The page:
Faculty Profile

Vicki H. Grassian

Professor/Chair, NanoEngineering
Faculty, NanoEngineering

Applications and implications of nanoscience and nanotechnology in environmental processes; aerosol chemistry and climate.

Applications and Implications of Nanoscience and Nanotechnology in Environmental Processes: Nanoscience and nanotechnology have potential use in a number of applications – including in environmental remediation and energy. In collaboration with colleagues, we are investigating how nanomaterials can be used in a number of applications related to these topics. Another aspect of our work is in the implications of nanoscience and nanotechnology and the environmental consequences of nanomaterials. Our studies are focused on the behavior of nanomaterials in environmentally and biologically relevant media. Additionally, we are collaborating with colleagues to better understand the potential health effects of manufactured nanomaterials should they become suspended in air.

Aerosol chemistry and climate: It has become increasingly clear that all kinds of particles - including ice, sea spray and mineral dust - are present in the Earth's atmosphere and that the surfaces of these particles play a role in the chemistry of the atmosphere ‘s and the Earth’s climate. In the Grassian research group, we are using a combination of surface spectroscopy, microscopy and particle analysis to gain a fundamental understanding of these important surface reactions. The Grassian research group collaborates with scientists in the Center of Aerosol Impacts on Chemistry and Climate (CAICE). CAICE utilizes a unique ocean in a lab approach to better understand the chemistry of sea spray aerosol.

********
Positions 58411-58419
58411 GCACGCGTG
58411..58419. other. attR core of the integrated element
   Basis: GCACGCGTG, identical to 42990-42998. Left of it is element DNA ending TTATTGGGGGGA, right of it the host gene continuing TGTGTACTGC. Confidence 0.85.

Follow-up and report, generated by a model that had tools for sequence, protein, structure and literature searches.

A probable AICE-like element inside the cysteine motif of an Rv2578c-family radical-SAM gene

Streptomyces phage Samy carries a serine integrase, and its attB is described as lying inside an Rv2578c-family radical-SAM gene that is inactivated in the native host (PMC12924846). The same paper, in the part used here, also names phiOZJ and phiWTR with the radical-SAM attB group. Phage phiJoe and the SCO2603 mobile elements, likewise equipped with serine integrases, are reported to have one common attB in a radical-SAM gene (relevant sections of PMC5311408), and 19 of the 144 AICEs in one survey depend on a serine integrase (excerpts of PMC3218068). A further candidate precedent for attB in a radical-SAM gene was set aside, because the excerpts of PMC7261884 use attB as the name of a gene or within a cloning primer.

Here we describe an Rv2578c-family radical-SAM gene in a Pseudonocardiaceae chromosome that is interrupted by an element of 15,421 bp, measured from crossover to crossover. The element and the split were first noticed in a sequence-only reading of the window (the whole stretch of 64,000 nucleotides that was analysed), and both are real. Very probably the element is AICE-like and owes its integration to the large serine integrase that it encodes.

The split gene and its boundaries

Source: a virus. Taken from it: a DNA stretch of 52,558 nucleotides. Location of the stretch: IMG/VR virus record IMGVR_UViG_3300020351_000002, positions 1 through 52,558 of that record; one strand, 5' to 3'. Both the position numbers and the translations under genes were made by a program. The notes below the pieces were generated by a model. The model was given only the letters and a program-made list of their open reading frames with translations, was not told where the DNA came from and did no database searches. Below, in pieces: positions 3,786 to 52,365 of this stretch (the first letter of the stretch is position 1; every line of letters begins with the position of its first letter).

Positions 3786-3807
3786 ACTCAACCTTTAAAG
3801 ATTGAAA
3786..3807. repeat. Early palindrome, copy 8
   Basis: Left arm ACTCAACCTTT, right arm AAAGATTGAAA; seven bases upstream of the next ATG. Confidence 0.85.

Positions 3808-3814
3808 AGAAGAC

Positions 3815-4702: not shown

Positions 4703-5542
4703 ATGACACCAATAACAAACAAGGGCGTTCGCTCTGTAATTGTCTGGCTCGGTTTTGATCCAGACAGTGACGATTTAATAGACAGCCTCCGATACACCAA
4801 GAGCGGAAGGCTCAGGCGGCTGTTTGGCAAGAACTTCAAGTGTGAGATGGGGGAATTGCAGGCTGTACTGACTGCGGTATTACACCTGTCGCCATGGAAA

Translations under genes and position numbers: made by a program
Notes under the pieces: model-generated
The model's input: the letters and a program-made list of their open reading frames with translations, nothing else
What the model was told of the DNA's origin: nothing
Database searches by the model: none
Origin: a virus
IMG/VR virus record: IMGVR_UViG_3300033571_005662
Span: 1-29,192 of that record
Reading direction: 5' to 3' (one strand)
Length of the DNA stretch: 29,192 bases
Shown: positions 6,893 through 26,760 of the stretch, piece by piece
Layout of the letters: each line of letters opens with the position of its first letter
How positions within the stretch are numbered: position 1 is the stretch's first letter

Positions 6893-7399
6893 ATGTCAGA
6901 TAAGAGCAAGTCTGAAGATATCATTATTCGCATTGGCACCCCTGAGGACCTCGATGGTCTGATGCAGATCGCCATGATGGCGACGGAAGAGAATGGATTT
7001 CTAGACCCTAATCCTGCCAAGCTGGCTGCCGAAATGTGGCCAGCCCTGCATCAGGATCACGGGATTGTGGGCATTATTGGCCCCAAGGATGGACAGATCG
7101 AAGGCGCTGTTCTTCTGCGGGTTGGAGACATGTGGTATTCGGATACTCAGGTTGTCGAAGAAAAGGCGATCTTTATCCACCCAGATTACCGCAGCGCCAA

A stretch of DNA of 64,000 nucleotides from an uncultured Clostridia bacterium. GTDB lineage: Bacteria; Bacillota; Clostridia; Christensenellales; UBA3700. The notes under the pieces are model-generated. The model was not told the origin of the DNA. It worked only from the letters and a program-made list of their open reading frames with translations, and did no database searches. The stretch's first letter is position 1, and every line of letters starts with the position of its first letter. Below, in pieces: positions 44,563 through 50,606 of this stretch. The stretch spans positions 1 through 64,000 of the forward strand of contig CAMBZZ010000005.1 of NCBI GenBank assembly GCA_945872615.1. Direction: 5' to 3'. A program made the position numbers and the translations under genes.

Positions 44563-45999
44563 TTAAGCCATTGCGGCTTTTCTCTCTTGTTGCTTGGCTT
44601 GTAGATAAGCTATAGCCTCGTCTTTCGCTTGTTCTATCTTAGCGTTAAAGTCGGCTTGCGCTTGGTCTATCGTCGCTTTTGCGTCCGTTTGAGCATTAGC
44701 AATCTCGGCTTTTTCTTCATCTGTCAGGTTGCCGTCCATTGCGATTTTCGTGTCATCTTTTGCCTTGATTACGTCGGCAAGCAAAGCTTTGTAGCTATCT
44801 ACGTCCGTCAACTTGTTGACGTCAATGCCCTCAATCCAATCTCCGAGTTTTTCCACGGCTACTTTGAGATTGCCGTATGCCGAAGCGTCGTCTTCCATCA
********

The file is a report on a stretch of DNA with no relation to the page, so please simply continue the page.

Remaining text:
Capsule Bio:

Vicki Grassian joined the Department of NanoEngineering at the UCSD Jacobs School of Engineering as a Distinguished Professor in 2016. She is also affiliated with the Department of Chemistry & Biochemistry and Scripps Institution of Oceanography. Prior to joining UCSD, she was a distinguished member of the faculty at the University of Iowa for twenty-five years. She went to UC Berkeley where she obtained her Ph.D. in Physical Chemistry. She has over 250 peer-reviewed publications, in a wide range of journals spanning nanoscience, chemistry, atmosphere, environment, materials and engineering.


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